There is a beautiful cake I’ve seen from time to time in French pâtisseries, made in a charming molded shape and dusted lightly with icing sugar. It’s so gorgeous it brings sugarplum fairies to mind. What could it be?
We were recently in the Alsace region of France (a stunning area, you must add it to your travel list), and I finally learned the answer: it’s called Kugelhopf, and it’s a specialty there, though everyone from France to Germany to Austria to Poland claims to have invented it. You’ll see it in every boulangerie, in sizes that range from muffin-esque to a grand cake.
Kugelhopf is a slightly sweet bread/cake that’s sprinkled lightly throughout with raisins or currants or nuts, or even mini chocolate chips. The first one I sampled, with chocolate, was dry and dull. But the second one, with currants and almonds, had me at the first bite. It’s a simple confection, a cross between cake and bread, but it's strangely addictive. One eats a slice with morning coffee, or with tea, or with a glass of sweet wine after dinner, or with an espresso, as dessert. It would be perfect for a brunch. Well, you get the picture, it’s endlessly flexible.
It so happened that the very next week, back in La Bourgogne at one of the Sunday vide greniers (empty attic sales) I always frequent, that I spotted something interesting. One of the sellers had miscellaneous items spread out on an old blanket, and there amongst the broken ashtrays and chipped vases was a beautiful ceramic mold, with a glaze on the inside the color of ripe wheat.
Madame la vendeuse was lounging in her hammock chair, puffing on a cigarette. “What is that exactly?” I asked her. “C’est quoi, ça?”
“C’est pour faire une Kugelhopf”, she told me. Aha! “Combien?” I asked, how much? “Deux euros,” she answered lazily.
I had expected a price more serious than a couple of bucks, as the pan was pristine. I hadn’t considered making a Kugelhopf, but the pan was decorative, and anyway, pourquoi pas?
“Is it easy to make?” I queried. “Est ce que c’est facile à faire?”
“Aucune idée,” she said breezily. “Je déteste cuisiner.” Translation: “Haven’t a clue. I hate to cook.” Well, that explained the low price.
And so it was that I, the sort of baker who rarely ventures beyond brownies, found myself in the kitchen with a fresh package of yeast and a brand new pan, puzzling over a Kugelhopf recipe.
So WAS it easy to make? If you have what the recipe calls for, which is a standing mixer with a paddle blade, I think it would be a snap. I don’t, but I figured Kugelhopfs were around long before mixers, so I decided to wing it. Though I’m now guessing the bakers of old were likely big German frauleins with arms the size of thighs. If you too are mixer-less, just consider it your upper body workout for the day. If you have teen-agers or a spouse you can press into service, tant mieux, all the better. And if you happen not to have a Kugelhopf pan on hand, you can fake it with a bundt pan. Or you can buy a Non-Stick Kugelhopf Pan reasonably from Amazon, but an Earthenware Mold like mine will set you back $70. Did I get a bargain or what!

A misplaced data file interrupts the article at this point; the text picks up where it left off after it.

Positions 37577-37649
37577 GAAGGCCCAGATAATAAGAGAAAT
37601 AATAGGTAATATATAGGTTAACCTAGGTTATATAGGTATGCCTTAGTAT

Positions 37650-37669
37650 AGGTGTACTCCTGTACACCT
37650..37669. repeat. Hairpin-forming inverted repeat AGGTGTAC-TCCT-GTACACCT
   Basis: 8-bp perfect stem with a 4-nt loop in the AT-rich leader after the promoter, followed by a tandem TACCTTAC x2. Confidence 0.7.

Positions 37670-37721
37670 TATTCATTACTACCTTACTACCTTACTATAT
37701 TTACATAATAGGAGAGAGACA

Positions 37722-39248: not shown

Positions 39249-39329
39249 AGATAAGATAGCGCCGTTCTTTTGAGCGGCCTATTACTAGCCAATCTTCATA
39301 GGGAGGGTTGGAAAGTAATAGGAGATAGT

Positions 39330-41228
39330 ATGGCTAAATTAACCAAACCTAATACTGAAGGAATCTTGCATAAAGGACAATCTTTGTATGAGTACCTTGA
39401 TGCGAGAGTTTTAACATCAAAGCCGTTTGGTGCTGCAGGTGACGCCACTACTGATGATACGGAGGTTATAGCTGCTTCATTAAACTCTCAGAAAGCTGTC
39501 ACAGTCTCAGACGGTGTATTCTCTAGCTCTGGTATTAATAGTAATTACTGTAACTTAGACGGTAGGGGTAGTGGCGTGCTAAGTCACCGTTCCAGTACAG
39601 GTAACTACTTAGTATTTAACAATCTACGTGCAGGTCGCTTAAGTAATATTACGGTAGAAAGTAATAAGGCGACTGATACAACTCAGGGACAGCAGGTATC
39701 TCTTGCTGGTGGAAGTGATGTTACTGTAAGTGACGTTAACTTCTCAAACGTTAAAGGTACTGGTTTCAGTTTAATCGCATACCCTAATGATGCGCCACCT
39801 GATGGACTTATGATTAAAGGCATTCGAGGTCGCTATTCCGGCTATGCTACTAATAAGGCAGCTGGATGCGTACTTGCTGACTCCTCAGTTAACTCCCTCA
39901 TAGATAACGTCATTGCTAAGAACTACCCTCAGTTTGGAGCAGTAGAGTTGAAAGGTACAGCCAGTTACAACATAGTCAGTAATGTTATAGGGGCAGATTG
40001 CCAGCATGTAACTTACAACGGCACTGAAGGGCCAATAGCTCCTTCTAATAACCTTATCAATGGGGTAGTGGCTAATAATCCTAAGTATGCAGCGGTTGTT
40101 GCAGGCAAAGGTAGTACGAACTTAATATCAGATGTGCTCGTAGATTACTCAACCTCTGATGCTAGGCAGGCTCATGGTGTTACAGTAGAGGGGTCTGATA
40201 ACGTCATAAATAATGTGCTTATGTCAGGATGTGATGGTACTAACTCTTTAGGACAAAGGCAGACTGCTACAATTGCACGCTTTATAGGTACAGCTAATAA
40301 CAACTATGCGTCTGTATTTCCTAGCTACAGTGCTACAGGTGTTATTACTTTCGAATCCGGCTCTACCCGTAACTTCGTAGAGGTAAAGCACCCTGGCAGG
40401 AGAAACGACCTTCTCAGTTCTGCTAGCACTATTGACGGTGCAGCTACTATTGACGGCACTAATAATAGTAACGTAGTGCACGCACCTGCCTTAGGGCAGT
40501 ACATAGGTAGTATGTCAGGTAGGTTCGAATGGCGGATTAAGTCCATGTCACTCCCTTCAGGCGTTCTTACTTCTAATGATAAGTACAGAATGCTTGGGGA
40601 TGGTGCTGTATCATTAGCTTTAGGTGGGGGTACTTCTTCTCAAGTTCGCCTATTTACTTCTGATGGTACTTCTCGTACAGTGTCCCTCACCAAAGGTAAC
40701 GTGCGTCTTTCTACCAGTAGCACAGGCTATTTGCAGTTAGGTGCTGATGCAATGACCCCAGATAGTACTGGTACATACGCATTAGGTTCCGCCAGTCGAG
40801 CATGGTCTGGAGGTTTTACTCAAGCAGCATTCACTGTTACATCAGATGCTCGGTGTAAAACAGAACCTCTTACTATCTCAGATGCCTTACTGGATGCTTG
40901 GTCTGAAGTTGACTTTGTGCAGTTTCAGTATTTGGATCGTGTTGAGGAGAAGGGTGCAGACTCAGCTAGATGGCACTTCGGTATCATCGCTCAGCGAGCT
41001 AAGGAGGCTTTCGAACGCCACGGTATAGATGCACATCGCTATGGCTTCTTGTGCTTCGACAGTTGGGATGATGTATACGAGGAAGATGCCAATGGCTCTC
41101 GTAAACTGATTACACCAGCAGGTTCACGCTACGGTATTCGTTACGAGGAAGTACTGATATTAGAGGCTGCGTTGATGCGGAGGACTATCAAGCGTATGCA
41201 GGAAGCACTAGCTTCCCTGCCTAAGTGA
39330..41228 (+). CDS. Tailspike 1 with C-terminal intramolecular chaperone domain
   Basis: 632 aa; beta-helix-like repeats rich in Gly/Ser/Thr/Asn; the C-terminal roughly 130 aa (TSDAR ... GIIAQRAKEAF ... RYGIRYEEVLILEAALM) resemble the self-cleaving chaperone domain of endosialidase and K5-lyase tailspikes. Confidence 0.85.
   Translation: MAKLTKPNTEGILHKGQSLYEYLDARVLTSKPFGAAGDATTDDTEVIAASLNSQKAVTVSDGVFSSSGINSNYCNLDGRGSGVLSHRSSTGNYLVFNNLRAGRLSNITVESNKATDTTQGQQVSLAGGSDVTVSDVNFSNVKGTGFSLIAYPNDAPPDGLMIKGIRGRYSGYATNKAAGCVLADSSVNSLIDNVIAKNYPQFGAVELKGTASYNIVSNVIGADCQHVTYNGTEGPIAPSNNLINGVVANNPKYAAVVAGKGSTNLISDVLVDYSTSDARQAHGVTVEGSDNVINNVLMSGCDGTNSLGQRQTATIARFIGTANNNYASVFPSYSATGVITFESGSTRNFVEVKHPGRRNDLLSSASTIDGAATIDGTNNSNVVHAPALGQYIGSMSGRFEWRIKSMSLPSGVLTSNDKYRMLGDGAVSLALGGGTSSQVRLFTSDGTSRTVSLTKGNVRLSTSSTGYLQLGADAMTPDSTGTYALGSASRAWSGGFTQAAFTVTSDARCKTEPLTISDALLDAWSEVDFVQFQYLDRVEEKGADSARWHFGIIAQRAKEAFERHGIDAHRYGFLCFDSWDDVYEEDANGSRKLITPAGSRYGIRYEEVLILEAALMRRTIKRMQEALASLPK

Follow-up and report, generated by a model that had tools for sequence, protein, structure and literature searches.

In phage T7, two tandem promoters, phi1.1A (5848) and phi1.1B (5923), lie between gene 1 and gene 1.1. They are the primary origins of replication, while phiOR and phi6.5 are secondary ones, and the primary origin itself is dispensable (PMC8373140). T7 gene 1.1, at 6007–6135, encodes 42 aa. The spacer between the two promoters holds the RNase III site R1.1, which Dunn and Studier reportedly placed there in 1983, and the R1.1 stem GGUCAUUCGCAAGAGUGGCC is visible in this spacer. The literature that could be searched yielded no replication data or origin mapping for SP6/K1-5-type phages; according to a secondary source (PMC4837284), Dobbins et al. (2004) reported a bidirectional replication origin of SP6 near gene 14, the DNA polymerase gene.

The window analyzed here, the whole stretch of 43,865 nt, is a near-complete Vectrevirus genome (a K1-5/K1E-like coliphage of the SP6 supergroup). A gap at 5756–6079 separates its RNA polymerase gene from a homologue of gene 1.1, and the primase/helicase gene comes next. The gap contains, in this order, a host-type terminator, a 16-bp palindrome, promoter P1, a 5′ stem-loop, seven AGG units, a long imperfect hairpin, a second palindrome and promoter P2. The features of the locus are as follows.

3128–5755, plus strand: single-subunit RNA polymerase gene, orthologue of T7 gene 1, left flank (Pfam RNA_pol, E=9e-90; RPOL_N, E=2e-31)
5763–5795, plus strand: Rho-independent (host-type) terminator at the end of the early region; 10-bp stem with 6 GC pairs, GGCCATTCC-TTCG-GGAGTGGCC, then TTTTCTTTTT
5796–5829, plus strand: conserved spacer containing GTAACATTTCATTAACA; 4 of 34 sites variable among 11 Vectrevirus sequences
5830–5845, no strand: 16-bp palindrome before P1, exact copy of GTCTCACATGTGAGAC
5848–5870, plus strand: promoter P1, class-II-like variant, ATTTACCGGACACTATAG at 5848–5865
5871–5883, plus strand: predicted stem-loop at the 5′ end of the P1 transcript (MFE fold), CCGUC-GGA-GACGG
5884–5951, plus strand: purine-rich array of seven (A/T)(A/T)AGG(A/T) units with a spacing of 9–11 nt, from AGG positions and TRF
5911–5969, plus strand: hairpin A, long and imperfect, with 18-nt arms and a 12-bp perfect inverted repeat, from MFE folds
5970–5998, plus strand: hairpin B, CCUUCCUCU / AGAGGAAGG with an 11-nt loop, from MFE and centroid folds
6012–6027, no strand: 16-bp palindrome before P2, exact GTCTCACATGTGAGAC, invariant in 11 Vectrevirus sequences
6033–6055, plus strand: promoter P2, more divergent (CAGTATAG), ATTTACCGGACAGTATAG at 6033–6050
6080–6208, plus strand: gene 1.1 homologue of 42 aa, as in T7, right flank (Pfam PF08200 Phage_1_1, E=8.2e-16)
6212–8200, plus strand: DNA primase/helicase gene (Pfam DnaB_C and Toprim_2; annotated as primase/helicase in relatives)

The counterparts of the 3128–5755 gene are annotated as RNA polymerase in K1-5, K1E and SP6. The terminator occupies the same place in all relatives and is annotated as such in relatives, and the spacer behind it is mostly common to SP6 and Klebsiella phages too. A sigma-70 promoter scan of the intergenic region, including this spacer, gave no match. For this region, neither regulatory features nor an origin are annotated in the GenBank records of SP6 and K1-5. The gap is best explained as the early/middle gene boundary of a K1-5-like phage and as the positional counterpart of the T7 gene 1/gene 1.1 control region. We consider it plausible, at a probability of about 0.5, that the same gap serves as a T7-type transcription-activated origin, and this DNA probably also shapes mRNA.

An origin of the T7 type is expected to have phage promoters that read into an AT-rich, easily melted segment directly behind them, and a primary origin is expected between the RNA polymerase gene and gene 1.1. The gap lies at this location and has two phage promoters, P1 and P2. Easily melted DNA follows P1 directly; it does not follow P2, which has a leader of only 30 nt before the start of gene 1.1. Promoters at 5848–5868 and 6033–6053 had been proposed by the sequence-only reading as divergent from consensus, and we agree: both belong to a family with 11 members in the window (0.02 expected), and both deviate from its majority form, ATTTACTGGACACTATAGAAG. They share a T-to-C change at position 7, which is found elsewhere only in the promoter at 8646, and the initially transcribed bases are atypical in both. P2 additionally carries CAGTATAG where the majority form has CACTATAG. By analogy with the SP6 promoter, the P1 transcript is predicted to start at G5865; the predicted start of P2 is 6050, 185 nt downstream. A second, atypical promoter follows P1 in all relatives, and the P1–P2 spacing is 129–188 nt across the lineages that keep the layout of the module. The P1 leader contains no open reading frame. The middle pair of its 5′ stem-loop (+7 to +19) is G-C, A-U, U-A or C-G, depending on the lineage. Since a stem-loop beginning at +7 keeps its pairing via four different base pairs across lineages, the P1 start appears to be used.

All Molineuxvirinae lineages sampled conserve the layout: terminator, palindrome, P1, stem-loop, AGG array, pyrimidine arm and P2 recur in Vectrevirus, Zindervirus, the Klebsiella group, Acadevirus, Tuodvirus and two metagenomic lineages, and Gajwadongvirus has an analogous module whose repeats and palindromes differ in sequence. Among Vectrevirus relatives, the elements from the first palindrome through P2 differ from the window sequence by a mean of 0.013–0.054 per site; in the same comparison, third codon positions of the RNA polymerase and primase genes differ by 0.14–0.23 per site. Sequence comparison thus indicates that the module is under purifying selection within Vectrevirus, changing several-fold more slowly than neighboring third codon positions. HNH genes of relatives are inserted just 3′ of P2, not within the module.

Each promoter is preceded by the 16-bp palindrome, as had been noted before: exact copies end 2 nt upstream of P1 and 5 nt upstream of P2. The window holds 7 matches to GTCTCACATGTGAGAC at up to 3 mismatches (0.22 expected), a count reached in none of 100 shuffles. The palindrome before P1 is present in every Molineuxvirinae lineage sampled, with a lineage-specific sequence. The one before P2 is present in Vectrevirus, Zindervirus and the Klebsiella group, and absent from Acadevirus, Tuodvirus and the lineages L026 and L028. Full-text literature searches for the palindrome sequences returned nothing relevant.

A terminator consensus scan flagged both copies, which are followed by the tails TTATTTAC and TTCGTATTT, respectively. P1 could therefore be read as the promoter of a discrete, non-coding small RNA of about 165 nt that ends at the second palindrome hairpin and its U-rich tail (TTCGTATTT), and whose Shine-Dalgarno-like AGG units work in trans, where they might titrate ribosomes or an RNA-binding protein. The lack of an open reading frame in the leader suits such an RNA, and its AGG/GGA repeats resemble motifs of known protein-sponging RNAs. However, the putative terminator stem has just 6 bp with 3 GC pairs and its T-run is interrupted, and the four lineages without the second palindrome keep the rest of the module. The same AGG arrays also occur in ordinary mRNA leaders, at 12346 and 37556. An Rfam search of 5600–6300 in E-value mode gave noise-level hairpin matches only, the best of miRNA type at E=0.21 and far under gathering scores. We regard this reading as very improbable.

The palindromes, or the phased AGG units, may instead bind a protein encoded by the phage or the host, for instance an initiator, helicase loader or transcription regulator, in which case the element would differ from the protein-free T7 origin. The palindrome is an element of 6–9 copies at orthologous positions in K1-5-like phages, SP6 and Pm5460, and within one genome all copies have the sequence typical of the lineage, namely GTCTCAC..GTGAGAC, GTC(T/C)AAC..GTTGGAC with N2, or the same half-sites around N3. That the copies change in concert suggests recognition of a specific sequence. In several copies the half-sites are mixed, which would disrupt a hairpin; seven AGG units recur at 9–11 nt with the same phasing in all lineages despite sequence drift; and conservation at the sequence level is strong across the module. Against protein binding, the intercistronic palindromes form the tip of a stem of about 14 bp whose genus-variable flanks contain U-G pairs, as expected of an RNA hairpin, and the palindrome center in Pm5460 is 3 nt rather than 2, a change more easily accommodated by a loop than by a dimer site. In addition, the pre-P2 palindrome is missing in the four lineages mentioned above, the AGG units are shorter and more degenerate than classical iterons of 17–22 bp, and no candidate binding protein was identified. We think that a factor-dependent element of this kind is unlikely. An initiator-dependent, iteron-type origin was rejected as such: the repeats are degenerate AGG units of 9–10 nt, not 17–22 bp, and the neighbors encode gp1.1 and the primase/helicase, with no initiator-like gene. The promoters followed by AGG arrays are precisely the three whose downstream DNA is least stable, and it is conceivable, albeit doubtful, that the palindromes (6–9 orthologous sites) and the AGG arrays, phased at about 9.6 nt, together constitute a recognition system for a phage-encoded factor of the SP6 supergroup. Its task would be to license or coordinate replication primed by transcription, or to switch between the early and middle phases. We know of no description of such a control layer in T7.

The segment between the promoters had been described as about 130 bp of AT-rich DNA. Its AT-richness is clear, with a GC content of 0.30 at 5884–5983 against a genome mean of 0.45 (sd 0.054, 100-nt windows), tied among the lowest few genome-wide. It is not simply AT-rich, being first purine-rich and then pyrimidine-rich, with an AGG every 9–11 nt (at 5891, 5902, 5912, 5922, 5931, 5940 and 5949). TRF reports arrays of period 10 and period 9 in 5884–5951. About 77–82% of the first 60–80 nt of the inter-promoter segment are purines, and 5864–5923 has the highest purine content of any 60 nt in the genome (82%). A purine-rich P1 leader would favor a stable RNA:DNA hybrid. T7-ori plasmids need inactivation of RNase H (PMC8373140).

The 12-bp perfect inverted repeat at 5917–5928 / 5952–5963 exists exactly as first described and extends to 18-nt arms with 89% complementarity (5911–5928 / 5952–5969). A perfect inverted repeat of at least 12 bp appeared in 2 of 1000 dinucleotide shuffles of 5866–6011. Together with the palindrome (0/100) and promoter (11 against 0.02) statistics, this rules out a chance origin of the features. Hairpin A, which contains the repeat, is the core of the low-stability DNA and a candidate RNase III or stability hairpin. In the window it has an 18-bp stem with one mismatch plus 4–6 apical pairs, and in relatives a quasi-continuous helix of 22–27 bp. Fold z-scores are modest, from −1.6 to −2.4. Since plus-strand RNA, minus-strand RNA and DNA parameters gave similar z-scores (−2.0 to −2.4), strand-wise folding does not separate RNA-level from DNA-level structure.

RECIPE: Kugelhopf from the Alsace
I used this recipe from Epicurious, with a few changes. In case you don’t have a standing mixer, here is how I faked it: I have a hand mixer which came with dough hooks (stuck in the back of the cabinet and never used), and these worked pretty well to mix in the liquids (I tried the regular mixing blades, then a spoon, neither worked as well). I added the liquid a little at a time, instead of a steady stream. And after it was blended, for the 5 minute aerobic beating portion I used a flat wooden spoon. I added the baked-in almond garnish, which I stole from Alsatian bakeries: just put a whole almond in the bottom of each crevice, and spread the batter over them.
Amazingly, given my lack of equipment and dubious baking history, my Kugelhopf was as beautiful as hoped and delicious as could be. The only problem was, it stuck to the pan, and, despite lots of coaxing, came out in 2 parts! However it was a clean break and I was able to put it back together, after extracting the top part with care—see photo (OK it looks a bit worse at the back). Interestingly, the many crevices in the pan were not the problem, it was the center of the mold that stuck. Maybe I should have cooked it longer? Any advice from veteran bakers is welcome, as I will be making it again!
In the COMMENTS: I've just discovered that our reader Kathy and her husband Charley do European tours, and she has a special one called The Luberon Experience. If you liked last week's post, do check it out! And going back to our recent post on Les Gîtes Ruraux, our reader Page promised a review on her recent stay in a gîtes in the Dordogne, which she has now kindly posted. Read the final comment on that post for her update.